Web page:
Flashback: Why Hoffa’s Disappearance Still Intrigues
YOUNGSTOWN, Ohio – Former Teamsters President Jimmy Hoffa has become a cultural enigma. The questions and conspiracies surrounding his disappearance in 1975 have put his mystery almost on the same level as President John F. Kennedy’s assassination and a UFO crashing in Roswell, N.M.
On Thursday, Penn State University laureate David Witwer presented “Searching for Jimmy Hoffa: The Disappearance of America’s Most Notorious Labor Leader and Why It’s Still Matters Today.”
Over the past 45 years, it’s been rumored that Hoffa’s body was disposed of at a slew of sites, from a crematorium to underneath stretches of highway to the former Giants Stadium in New Jersey, though the latter was disproved when the stadium was demolished in 2010.
“Mythic figures like this, these are stories that have no official ending, so everyone that picks them up can have their own ending,” Witwer said. “And in those endings, they can offer explanations or interpretations for enduring problems or enduring issues that we have.”
Hoffa’s personality and straightforward attitude resonated with the Teamsters and other union workers. For workers, he was a leader that cared to improve wages and pensions. For the government, he was corrupt and had ties to organized crime.
Witwer references former U.S. Attorney General Robert Kennedy’s book “Enemy Within,” where Kennedy, a few years before his brother’s election, questioned Hoffa on his mob ties during the U.S. Senate’s McClellen Committee hearings on organized crime.
“It depicts this notion that the story of Hoffa is the story of good versus evil,” Witwer said. “And the story [Robert] Kennedy puts forward is the way to stop corruption, the way to beat the enemy within, is to win a conviction against the villain.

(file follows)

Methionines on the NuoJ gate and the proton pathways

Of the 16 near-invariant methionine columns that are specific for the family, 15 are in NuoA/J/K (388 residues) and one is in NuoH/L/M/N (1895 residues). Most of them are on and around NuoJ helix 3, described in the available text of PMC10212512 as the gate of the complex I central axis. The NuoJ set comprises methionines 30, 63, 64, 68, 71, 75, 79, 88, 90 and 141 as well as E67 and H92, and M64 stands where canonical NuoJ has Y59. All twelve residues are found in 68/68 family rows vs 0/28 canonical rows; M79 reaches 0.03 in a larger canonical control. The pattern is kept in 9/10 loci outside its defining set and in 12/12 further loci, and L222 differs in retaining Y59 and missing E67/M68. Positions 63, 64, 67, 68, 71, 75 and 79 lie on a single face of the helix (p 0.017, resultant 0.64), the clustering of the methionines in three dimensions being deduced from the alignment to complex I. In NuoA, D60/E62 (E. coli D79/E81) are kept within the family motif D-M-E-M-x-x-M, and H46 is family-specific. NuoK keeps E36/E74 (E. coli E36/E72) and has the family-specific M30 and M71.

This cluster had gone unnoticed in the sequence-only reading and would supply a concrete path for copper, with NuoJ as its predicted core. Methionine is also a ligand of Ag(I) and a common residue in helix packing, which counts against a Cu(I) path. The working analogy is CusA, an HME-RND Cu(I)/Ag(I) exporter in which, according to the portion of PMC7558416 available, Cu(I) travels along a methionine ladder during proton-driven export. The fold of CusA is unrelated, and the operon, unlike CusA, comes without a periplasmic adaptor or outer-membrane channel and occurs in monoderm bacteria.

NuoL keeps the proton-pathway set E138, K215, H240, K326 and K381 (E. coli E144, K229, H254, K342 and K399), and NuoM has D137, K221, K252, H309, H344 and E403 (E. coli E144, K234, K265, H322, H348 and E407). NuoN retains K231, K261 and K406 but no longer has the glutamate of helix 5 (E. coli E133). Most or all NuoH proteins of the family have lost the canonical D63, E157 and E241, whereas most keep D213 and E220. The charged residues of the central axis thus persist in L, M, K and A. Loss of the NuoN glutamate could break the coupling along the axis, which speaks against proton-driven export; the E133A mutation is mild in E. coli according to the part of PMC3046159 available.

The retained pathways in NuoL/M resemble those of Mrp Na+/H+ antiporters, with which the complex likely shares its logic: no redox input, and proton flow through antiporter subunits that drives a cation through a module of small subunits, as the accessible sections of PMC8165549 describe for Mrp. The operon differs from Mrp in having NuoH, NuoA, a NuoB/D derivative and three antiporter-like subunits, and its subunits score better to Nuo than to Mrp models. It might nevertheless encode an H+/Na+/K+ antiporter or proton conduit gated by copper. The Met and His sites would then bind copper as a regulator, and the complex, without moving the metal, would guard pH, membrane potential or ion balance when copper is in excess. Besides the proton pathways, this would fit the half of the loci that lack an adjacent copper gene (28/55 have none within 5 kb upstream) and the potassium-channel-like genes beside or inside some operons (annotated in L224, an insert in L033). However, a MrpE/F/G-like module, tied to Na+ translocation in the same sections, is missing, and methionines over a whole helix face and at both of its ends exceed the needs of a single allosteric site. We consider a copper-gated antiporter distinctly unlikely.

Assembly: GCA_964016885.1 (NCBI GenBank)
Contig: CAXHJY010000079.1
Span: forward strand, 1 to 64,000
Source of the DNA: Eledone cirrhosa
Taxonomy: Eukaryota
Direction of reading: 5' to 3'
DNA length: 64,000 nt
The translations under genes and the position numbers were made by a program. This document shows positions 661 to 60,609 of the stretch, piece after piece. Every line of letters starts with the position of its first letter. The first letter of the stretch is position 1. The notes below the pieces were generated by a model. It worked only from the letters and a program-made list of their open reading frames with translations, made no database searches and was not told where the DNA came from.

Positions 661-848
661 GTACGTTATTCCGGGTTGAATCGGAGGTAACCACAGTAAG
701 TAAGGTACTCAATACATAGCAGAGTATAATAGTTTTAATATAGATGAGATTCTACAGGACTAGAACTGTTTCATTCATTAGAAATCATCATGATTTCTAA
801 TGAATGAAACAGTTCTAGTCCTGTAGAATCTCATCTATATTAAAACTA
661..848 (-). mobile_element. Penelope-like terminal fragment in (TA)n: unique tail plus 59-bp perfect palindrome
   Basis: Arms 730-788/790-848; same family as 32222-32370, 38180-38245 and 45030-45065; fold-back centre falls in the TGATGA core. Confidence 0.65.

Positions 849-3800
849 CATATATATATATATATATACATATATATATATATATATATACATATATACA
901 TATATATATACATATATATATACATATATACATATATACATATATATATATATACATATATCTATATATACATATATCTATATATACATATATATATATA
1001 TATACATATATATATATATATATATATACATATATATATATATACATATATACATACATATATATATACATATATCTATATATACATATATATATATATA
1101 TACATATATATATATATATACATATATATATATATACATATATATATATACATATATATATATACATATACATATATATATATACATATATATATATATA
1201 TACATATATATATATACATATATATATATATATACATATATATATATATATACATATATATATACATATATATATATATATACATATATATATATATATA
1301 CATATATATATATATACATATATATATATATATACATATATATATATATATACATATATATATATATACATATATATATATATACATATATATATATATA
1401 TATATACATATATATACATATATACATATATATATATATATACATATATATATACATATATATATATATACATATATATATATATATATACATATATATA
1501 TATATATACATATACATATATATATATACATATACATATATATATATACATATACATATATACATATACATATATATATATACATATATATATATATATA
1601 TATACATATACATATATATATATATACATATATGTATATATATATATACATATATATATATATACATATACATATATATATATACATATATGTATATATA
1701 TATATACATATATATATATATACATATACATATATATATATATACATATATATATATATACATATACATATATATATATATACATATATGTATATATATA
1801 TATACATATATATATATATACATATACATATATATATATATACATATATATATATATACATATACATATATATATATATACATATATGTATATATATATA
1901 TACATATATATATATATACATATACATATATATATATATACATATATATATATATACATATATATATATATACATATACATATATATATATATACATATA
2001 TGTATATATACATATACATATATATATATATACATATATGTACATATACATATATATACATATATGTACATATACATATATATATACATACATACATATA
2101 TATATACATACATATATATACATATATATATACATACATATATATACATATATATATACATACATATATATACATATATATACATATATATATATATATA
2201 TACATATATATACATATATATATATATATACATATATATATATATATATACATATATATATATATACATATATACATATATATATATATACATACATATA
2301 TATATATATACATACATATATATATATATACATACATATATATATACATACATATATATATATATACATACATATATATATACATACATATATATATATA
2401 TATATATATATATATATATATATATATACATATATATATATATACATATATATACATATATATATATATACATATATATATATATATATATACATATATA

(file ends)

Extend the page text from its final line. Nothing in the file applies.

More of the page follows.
“But that’s, of course, a fallacy, right? Kennedy invests so many resources. He proudly puts Hoffa in jail, but that doesn’t end corruption in the Teamsters union.”
Witwer cites the Teamsters increased corruption with Hoffa in prison as a reason for his murder. Hoffa was sentenced to 13 years in prison in 1964, but President Richard Nixon shortened his sentence in 1971 with an agreement that the labor leader wouldn’t retake his position as the Teamsters president until 1980.
After his release, Hoffa announced his bid for the 1976 Teamsters presidency. But the mob considered his replacement, Frank Fitzsimmons, as a more agreeable leader.
Witwer said the mob’s disinterest in Hoffa returning was the reason for his meeting with Tony Jack Giacalone and Tony Provenzano, high-ranking members of the Detroit and New York mobs, respectively. Hoffa wanted to smooth over the relationship with a meeting at Machus Red Fox, a restaurant in Bloomfield Township, Mich., on July 30, 1975.
“Whatever happened, it doesn’t seem like the meeting went well because that’s when Hoffa disappears,” Witwer said.
The search for Hoffa involved local police, 200 FBI agents and a series of federal grand juries. But in the end, nothing substantial was found.
No body. No evidence. No leads on a killer.
The only credible leads came from members of the mob scattered throughout the country. Some members confessed on their deathbeds. Others were arrested and gave their version of the murder in exchange for shorter sentences.
In a bit of irony, if the mob did call for Hoffa’s death, it’s possible the move also led to the downfall of organized crime. As the investigation was conducted, the government became more aware of the mob’s connection within unions.
Many high-profile mob leaders went to prison on unrelated charges since the government couldn’t find conclusive evidence for many connecting them to corruption.
“They tried to develop cases facing those same organized crime figures to, what we say, ‘jam them up’ on some other charge, and use that to pressure them to cooperate,” Witwer said.
Roanoke Colony, pilot Amelia Earhart and D.B. Cooper were rattled off by Witwer as examples of well-known disappearances. Each one still captivates audiences decades after their infamous departures.
“Hoffa, if his body was found, would be just another murdered union official, and there’s plenty of those,” Witwer said. “The Hoffa who’s never found, that’s someone who’s a recurring subject of movies, stories and books.”
Image via Garam, CC0, via Wikimedia Commons
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